SF Weekly profiles Criag Newmark and his classifieds site.
Almost by accident, Newmark built one of the Internet’s most successful sites, creating a free marketplace for millions that continues to grow around the country and the world. Among the unintended consequences of Craigslist’s growth, though, is that it’s sucking away significant dollars in classified advertisements from already-struggling newspapers. Bay Area papers alone forfeit at least $50 million annually to Craigslist, losses that contribute to layoffs of dozens of reporters. As fearful publishers cut newsroom jobs, inferior news coverage is the likely outcome. Craigslist’s devoted fans are unknowingly exchanging one public service for another — trading away the quality of their news for a cheaper way to find an apartment. At the same time, Craigslist’s executives won’t disclose the amount of money they’re pulling in.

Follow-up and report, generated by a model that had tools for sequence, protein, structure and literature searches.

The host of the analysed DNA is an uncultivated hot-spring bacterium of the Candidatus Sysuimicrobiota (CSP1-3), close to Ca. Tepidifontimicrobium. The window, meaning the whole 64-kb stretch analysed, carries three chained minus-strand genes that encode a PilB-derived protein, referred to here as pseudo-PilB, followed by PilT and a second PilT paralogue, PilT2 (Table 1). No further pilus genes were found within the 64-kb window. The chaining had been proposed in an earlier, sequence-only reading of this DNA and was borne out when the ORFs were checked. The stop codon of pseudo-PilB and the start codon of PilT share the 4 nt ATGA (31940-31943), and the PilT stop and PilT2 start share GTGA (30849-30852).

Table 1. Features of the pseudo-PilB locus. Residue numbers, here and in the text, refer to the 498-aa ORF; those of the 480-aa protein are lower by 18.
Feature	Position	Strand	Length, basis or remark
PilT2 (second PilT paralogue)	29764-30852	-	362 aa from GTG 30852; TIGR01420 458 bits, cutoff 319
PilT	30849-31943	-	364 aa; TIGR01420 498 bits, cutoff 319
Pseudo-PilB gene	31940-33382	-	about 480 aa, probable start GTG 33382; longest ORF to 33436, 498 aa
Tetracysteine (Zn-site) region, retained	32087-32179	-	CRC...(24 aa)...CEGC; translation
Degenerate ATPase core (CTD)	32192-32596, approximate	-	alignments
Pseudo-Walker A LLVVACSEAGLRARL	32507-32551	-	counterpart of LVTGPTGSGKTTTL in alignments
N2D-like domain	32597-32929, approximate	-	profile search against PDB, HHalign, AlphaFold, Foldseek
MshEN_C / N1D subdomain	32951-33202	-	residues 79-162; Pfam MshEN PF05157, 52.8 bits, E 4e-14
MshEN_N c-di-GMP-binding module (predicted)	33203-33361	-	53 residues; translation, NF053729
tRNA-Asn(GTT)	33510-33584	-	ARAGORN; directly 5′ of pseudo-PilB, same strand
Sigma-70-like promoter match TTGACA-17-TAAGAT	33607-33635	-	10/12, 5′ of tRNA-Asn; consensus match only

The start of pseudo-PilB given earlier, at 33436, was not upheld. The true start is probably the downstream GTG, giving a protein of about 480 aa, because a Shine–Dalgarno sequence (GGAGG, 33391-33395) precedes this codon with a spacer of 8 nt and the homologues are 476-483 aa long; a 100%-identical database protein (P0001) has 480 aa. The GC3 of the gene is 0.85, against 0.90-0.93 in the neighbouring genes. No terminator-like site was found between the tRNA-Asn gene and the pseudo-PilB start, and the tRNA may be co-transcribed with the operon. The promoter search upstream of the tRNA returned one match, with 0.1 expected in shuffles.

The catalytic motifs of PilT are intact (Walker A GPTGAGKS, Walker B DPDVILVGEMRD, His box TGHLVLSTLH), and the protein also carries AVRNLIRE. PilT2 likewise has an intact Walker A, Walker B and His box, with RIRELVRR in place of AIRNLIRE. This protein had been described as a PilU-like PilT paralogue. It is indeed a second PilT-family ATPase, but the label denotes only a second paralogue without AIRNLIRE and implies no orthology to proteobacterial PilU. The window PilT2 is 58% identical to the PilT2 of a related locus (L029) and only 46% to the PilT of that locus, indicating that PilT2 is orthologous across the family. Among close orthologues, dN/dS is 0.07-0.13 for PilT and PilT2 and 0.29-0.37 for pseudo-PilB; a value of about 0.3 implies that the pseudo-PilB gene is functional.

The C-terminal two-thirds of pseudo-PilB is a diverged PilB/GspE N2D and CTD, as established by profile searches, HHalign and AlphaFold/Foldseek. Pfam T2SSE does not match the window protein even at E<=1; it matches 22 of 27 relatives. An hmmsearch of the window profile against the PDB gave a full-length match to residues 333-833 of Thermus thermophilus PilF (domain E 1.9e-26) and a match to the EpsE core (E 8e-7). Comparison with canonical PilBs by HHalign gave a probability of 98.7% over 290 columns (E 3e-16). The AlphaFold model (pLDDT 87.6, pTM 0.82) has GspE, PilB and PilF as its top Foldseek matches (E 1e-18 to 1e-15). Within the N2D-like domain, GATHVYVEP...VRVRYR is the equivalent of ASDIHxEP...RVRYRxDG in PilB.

Newmark now suffers from a moral dilemma: He feels guilty about helping cause job losses and poorer-quality papers, but he’s excited to accelerate the decline of the big, bad mainstream media. He seems determined to remedy his sins against the media by changing it for the better, lending his name and dollars to a citizen journalism movement populated by J-school professors, idealistic techno-futurists, and so-called citizen journalists. A self-described news dilettante, Newmark believes his recent journalism-related work could be more important than Craigslist. Citizen journalism, though, may not be enough to plug the news hole created by his site’s success. Newmark’s well-intentioned campaign to repair the institution he inadvertently injured could very well be in vain.